Writer-director Jordan Peele, the comedic performer from TV’s Key and Peele and the adorable/funny cat movie Keanu, delivers a huge cinematic surprise with Get Out, a twisted, darkly satirical horror film that pulls no punches when it comes to race relations and dating.

Peele has cited Night of the Living Dead and The Stepford Wives as inspirations for this journey to the dark side of his creative soul. Those films’ influences are detectable; you could also throw in a pinch of Rosemary’s Baby and a side of Being John Malkovich.

Two of the hardest things to accomplish with a movie are making people laugh, and getting them legitimately scared. Get Out manages to do both throughout its running time. Peele takes taboo subjects and stereotypes, and doesn’t let his pen get restricted by a fear of offending anybody. This is an appropriately evil, scabrous movie.

Chris (Daniel Kaluuya), a young African-American man, is a little nervous. He’s going to visit the parents of Rose Armitage (Allison Williams), his white girlfriend. Allison is relaxed about the trip, but Chris is a little on the anxious side.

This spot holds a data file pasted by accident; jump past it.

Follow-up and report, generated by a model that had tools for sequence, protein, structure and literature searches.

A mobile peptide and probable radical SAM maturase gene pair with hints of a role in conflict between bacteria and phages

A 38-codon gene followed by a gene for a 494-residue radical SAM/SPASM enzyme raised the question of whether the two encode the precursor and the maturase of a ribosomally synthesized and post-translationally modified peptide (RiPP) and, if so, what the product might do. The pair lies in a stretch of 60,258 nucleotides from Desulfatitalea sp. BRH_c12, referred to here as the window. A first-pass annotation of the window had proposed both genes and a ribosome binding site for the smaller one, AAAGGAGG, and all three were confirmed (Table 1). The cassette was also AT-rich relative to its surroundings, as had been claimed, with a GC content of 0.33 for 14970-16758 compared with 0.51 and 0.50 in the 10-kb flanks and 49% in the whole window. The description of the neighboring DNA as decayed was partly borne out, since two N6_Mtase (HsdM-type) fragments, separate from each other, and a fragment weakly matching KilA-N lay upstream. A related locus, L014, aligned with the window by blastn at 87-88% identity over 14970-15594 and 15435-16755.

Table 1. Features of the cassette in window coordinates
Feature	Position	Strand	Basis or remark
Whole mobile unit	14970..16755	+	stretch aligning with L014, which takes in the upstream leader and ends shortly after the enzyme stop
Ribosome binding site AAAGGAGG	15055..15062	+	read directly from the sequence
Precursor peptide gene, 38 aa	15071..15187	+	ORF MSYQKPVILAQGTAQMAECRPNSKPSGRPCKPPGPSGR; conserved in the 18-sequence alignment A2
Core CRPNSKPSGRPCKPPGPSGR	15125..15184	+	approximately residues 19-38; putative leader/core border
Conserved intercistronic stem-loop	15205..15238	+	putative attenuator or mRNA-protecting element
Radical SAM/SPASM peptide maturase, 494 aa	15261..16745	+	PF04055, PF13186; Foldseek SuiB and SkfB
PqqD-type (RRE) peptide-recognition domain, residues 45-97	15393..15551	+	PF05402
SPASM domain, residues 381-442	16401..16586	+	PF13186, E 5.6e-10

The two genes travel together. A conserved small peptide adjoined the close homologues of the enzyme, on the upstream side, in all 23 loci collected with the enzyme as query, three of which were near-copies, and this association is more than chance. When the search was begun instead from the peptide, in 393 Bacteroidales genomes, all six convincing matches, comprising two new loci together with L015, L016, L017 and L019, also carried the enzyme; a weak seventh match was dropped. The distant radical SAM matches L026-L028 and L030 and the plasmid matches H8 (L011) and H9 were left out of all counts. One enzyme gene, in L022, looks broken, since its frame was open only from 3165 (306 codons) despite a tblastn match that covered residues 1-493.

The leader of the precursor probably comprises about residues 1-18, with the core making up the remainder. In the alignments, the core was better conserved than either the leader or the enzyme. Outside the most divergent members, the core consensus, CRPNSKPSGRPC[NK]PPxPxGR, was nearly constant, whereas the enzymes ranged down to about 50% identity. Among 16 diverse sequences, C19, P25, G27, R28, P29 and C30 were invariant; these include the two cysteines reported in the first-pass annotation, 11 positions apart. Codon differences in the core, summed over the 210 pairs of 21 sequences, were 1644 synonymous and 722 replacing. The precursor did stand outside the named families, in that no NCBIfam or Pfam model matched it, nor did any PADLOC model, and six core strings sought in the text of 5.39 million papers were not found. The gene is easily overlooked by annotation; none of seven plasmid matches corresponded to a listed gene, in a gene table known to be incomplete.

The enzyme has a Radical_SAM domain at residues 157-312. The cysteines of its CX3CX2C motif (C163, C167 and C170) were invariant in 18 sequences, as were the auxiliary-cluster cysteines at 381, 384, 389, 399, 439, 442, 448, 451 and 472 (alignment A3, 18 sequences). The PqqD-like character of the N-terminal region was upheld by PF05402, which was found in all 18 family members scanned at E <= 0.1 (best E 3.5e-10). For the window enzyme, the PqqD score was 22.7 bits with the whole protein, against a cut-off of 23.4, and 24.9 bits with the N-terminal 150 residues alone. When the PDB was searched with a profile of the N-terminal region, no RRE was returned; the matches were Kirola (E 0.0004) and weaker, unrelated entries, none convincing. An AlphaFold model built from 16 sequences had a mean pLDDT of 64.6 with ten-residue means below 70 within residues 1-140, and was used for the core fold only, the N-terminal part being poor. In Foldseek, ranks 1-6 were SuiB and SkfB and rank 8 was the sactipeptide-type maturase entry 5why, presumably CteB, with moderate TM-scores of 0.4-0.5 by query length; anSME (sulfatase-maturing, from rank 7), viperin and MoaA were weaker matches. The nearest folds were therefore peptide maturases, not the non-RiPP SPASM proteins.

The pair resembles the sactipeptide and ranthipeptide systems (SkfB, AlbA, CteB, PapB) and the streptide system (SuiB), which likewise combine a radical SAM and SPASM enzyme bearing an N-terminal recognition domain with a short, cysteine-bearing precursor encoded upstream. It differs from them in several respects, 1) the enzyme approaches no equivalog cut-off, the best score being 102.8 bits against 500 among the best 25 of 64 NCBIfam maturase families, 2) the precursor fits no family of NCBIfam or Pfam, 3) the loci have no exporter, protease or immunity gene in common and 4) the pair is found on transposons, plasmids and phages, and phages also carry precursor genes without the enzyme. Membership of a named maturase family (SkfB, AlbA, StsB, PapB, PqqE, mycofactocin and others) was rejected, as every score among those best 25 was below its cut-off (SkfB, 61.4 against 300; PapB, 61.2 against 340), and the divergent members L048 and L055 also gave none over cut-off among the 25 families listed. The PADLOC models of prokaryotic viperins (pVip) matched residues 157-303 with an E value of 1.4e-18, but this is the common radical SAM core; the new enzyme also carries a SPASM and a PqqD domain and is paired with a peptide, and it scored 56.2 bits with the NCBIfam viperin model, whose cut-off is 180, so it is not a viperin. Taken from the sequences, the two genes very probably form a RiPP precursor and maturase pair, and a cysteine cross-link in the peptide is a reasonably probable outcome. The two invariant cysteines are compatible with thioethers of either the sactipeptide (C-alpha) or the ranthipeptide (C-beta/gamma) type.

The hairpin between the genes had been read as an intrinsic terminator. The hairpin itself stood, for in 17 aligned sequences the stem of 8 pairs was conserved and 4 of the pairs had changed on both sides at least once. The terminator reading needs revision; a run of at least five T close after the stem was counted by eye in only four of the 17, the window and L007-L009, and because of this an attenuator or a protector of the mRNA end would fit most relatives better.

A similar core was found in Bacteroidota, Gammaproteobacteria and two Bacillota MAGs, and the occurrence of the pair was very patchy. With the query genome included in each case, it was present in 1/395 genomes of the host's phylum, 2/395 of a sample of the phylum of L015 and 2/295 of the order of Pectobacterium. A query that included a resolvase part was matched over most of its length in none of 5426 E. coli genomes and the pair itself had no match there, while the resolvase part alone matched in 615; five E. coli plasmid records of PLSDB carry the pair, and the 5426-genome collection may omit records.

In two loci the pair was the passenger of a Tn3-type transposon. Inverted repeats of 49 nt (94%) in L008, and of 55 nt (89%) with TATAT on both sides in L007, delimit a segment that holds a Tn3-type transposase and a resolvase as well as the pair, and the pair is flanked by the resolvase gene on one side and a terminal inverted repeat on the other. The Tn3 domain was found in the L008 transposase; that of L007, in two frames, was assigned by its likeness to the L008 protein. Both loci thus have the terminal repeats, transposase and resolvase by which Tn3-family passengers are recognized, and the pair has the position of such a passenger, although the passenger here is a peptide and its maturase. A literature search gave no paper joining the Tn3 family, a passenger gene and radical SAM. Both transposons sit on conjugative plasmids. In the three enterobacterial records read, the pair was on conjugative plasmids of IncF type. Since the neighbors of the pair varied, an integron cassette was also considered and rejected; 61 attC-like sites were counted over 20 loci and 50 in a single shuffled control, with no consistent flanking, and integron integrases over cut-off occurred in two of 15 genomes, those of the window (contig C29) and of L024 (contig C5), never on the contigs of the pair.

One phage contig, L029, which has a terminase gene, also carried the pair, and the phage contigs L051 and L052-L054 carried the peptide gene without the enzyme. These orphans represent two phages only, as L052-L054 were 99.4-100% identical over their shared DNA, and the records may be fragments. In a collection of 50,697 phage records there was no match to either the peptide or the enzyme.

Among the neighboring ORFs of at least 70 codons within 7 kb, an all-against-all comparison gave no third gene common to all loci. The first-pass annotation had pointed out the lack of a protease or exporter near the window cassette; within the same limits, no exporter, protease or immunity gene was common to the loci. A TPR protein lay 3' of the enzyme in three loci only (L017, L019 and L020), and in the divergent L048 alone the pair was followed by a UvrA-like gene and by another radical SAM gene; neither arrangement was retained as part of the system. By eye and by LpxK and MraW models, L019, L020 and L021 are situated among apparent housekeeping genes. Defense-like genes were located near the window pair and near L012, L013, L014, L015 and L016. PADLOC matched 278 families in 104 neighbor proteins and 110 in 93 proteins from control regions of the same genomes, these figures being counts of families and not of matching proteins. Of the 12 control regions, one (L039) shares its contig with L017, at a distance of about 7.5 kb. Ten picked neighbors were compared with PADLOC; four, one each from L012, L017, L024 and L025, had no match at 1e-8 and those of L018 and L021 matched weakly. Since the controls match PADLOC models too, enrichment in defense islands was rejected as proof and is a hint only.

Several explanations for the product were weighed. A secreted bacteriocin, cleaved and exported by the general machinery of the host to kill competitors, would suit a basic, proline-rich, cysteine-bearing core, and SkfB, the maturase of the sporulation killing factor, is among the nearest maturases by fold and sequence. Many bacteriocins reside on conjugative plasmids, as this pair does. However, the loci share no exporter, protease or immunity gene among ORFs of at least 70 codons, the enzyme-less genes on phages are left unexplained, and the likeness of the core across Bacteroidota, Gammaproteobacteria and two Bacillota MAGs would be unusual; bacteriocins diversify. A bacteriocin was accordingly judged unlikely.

Upon their arrival at her family’s large estate, Rose’s parents like Chris. They really, really like Chris. Actually, parents Missy and Dean (Catherine Keener and Bradley Whitford) like Chris at a level that is a bit unsettling. Chris shrugs it off at first, as does Allison, but strange things start happening.

For starters, Walter and Georgina (Marcus Henderson and Betty Gabriel), two black people employed by the Armitages, have personalities that are a little off. They have vacant stares; they are overly polite; and Georgina can cry projectile tears while smiling and carrying on a conversation. Something is definitely wrong with them.

Chris smokes, and Missy doesn’t like that. When he gets up to sneak a cigarette in the middle of the night, Missy offers to hypnotize him. Chris is reluctant, but eventually finds himself under Missy’s anti-smoking spell. Or does the spell cover more than just smoking? I won’t give too much away other than to say Missy and Dean are not what they seem, and this movie will put a lot of people off of using hypnosis as a means of quitting smoking.